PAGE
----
While there has been considerable media coverage about the insurance impacts of the Affordable Care Act (ACA), there has been less discussion of the law’s changes to provider reimbursement policy, reforms to the delivery system, and investments in programs to improve the quality of care and constrain long-run growth in health care expenditures. And yet, the elements included in the ACA directed at cost and quality are likely to affect the practice of care for nearly every provider across the country. Although cost containment policies and initiatives are largely implemented through federal health programs—including Medicare and Medicaid—cost containment in these programs has important cost-saving spillover effects to private health care markets through changes in health care practices and pricing across sectors of care.1
This paper focuses on ACA cost containment policies that target the delivery of health care at the provider level, and aim to reduce system-wide health care costs—for the federal and state governments, individuals, and employers—through delivery system reforms. This paper first describes the categories of policies in the ACA designed to contain costs. It then provides an overview of several policies in each category that are expected to reduce the rate of growth in costs. A companion paper, An In-depth Look at Six Cost Containment Programs in the Affordable Care Act, provides a more detailed description of six specific policies or initiatives created by the ACA that are designed to affect system-wide growth in health care costs.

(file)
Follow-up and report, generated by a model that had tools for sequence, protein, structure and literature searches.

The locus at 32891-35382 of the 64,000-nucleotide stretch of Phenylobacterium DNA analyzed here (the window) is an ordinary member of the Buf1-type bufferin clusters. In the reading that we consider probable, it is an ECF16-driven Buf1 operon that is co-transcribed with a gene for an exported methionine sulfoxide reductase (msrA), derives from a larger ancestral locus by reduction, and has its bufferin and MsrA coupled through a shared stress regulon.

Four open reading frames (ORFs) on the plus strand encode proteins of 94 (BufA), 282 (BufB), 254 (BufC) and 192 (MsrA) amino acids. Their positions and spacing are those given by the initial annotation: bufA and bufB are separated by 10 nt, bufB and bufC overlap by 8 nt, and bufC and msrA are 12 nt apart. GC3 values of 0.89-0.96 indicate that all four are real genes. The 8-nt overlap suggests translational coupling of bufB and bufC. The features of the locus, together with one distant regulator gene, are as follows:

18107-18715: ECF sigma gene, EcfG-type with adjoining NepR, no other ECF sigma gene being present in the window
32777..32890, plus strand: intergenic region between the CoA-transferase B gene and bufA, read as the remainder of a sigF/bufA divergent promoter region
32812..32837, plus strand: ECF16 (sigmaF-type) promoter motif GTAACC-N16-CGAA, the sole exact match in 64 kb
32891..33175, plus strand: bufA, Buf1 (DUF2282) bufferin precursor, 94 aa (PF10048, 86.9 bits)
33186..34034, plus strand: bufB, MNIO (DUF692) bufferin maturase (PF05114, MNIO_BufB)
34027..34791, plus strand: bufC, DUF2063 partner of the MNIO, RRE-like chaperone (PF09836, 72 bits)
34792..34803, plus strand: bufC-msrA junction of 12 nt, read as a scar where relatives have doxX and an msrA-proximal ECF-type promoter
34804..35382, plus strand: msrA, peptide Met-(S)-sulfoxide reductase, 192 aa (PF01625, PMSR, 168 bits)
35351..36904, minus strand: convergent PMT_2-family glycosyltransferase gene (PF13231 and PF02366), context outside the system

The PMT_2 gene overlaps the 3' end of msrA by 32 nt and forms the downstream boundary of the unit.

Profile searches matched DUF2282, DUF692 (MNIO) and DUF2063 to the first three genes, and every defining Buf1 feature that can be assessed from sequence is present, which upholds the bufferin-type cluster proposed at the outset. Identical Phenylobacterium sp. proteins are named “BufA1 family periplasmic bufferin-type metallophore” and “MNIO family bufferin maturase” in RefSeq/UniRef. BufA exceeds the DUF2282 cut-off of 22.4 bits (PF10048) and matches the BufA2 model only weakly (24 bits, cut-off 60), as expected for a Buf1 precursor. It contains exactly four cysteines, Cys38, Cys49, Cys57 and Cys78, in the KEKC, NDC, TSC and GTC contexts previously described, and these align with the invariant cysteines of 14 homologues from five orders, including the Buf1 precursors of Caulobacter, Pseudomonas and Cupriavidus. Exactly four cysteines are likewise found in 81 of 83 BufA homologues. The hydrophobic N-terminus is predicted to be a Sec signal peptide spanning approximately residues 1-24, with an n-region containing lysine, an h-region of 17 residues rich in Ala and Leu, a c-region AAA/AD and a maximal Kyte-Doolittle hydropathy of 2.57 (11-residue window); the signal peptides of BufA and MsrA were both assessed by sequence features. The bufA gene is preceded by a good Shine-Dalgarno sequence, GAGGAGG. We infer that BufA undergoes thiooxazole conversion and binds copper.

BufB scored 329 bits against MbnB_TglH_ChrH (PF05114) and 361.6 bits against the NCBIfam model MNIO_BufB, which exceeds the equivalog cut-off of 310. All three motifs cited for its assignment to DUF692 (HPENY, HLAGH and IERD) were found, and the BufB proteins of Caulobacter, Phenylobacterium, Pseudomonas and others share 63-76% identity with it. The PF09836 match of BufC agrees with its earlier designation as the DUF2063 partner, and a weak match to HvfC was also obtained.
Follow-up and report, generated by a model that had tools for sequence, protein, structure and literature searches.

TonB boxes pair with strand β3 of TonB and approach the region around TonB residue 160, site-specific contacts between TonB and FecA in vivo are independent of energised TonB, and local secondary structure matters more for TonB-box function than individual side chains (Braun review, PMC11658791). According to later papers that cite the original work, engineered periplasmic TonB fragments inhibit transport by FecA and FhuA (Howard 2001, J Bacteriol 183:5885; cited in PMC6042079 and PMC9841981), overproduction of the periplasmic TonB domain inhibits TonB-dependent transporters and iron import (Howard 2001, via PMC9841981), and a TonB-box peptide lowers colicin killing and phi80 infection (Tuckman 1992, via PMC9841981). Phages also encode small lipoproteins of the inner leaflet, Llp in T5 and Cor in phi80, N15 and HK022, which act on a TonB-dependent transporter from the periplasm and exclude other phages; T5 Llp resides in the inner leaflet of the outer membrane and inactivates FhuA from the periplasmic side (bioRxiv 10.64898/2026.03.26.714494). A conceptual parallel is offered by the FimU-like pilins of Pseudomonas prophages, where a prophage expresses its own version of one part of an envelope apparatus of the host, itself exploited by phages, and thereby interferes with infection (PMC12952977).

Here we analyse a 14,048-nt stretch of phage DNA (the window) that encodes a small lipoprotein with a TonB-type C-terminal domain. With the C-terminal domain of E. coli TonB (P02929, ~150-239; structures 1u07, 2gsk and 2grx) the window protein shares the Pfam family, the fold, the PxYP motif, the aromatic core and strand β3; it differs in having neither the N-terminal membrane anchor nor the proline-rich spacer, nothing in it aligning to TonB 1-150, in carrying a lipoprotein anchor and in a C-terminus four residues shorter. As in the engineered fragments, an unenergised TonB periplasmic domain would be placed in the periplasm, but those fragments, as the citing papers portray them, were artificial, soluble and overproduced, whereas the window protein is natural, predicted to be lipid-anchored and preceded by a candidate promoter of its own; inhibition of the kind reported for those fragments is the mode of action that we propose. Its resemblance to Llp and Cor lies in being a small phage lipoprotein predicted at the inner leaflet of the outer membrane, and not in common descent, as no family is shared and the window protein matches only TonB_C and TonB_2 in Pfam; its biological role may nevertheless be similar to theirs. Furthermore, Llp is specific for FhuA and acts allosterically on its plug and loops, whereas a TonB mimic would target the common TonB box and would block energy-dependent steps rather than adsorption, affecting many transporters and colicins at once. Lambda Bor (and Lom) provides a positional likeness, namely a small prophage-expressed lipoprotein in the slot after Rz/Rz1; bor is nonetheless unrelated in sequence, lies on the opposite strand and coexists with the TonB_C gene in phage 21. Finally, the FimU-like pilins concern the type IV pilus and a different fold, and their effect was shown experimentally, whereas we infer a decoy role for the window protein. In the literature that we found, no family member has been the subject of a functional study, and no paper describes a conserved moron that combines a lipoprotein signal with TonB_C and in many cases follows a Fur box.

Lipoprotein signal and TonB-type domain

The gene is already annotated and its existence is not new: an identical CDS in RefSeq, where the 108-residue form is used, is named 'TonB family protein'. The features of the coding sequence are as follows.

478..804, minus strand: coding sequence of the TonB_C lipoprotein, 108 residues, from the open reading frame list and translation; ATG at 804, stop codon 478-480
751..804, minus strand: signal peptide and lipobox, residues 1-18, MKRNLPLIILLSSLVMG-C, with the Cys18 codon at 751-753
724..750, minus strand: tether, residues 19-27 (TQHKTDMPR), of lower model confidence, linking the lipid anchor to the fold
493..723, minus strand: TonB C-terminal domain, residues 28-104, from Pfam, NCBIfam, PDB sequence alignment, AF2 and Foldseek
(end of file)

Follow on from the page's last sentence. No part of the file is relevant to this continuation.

Hospital and physician spending account for almost two-thirds of total health care spending (Figure 1). Nearly all of the policies described in this paper include changes to hospital and/or physician care. Prescription drugs and medical devices, and long-term care and other facilities account for 39 percent of total health care spending. The ACA enacted important reforms in these areas as well.
FIGURE 1: 2011 Personal Health Care Expenditures, by Sector (in billions of dollars)
† Personal health care comprises medical goods and services used to treat or prevent a specific disease or condition in a specific person. Also included in total national health expenditures (but excluded here) are government administration, net cost of health insurance, government public health activities, and investments (such as research).